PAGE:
China 21, a one-hour documentary, follows four Chinese families as they step into the 21st century. Working without official permits, filmmakers Ruby Yang and Lambert Yam used compact digital video gear to record intimate portraits of ordinary people living in tumultuous times. The talk is candid and sometimes emotional. Families are small -- one child in the city, two in the country -- so children hold center stage. Veterans of the Cultural Revolution are saving up to send their son to business school. Another couple, whose son is a prize law student, glow with satisfaction. To insure his children's future, a peasant leaves his remote village to work in the quasi-legal urban job market. A farm family near Shanghai feels manhandled by the privatizing economy. They sacrifice to send their daughter to high school. China 21 introduces otherwise anonymous people whose spark and initiative are changing their country.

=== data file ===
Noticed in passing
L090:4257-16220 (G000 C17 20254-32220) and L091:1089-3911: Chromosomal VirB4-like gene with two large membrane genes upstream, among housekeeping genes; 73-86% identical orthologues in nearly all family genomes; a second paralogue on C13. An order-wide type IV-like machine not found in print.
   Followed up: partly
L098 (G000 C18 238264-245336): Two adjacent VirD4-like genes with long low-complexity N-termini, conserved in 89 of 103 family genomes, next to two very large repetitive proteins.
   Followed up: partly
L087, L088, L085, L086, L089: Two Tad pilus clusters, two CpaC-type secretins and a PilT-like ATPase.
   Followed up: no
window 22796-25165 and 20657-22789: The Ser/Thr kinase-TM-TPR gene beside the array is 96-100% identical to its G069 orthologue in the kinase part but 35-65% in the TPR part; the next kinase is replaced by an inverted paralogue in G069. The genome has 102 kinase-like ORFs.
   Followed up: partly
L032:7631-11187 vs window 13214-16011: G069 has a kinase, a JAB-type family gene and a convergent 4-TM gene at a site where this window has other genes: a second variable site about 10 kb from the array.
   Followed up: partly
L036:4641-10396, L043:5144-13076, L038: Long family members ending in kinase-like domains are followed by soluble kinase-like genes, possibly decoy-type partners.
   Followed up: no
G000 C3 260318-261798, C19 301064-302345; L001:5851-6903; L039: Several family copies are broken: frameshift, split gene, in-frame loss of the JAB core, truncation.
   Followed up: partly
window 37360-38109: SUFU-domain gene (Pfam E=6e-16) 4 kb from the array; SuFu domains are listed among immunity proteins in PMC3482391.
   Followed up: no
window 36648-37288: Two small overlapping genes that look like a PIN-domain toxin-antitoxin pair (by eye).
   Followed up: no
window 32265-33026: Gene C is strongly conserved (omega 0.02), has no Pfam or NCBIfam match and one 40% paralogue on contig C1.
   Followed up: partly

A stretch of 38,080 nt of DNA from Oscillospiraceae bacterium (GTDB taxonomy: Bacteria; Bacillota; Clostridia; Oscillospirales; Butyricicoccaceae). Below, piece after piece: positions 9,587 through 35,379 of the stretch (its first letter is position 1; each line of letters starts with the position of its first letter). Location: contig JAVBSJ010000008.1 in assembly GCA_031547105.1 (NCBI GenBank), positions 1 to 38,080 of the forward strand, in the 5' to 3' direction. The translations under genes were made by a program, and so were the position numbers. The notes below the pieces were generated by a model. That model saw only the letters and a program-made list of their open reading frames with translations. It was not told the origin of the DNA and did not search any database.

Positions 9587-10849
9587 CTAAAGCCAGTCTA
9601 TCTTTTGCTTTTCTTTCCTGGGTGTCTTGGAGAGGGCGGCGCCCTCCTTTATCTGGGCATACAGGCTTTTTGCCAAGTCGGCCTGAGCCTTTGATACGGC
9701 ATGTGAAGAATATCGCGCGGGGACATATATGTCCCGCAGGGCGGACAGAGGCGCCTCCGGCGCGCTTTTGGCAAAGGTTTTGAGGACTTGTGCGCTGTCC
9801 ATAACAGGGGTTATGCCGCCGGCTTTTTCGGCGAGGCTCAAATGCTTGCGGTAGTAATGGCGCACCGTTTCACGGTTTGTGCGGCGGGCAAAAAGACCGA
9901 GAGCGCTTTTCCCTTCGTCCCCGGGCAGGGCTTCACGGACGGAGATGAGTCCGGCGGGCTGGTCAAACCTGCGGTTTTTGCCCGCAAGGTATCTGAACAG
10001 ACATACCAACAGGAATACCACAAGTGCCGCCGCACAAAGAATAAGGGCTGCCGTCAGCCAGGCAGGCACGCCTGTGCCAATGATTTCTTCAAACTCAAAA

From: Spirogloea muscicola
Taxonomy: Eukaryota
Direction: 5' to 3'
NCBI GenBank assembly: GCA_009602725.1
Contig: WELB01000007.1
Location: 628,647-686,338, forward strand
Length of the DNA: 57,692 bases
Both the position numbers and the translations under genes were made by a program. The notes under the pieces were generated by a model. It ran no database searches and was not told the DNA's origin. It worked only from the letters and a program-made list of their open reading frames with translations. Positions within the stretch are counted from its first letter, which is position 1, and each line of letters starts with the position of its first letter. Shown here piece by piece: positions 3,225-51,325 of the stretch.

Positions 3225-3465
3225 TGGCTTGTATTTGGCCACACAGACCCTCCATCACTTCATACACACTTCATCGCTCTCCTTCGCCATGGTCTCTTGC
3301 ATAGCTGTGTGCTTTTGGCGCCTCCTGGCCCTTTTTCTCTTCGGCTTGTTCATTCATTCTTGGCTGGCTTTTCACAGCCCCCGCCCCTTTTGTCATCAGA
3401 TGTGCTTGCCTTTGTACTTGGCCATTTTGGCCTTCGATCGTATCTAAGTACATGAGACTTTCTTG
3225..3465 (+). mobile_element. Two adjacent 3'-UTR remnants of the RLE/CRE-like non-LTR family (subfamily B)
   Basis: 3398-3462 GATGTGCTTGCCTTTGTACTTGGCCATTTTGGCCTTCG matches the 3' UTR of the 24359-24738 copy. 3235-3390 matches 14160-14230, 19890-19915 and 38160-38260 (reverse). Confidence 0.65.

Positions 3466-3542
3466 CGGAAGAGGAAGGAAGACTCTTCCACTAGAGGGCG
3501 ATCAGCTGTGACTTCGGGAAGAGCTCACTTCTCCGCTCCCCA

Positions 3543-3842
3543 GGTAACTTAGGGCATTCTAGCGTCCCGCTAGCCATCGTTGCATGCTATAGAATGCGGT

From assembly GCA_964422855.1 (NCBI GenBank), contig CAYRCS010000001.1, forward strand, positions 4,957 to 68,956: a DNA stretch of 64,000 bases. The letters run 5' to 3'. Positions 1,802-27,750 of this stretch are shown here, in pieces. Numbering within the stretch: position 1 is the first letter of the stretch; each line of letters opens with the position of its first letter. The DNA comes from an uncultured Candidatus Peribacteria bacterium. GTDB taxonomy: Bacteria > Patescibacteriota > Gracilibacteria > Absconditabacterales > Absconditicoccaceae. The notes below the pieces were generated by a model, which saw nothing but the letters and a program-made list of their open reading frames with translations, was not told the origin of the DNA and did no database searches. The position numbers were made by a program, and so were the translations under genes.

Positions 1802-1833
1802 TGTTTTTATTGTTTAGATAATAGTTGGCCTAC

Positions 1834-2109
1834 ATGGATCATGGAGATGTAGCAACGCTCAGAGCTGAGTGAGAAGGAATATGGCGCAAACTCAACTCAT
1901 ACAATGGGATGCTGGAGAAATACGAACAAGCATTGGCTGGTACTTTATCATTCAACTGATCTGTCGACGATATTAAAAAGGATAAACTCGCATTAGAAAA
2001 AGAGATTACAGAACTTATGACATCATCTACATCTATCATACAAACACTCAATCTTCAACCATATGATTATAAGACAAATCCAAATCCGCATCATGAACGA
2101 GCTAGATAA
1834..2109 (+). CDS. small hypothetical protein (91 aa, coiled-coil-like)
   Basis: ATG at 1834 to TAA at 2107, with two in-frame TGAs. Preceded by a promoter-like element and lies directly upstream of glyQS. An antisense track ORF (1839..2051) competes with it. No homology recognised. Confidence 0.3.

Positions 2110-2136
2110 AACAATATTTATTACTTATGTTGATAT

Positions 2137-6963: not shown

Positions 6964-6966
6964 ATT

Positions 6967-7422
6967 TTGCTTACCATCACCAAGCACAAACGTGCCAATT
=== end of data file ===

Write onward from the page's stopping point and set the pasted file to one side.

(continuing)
It was shown on PBS stations during May, 2003 -- Asian Pacific American Heritage Month. For related shows see the Center for Asian American Media site.

China 21 was funded by the Independent Television Service, with additional support from the Center for Asian American Media.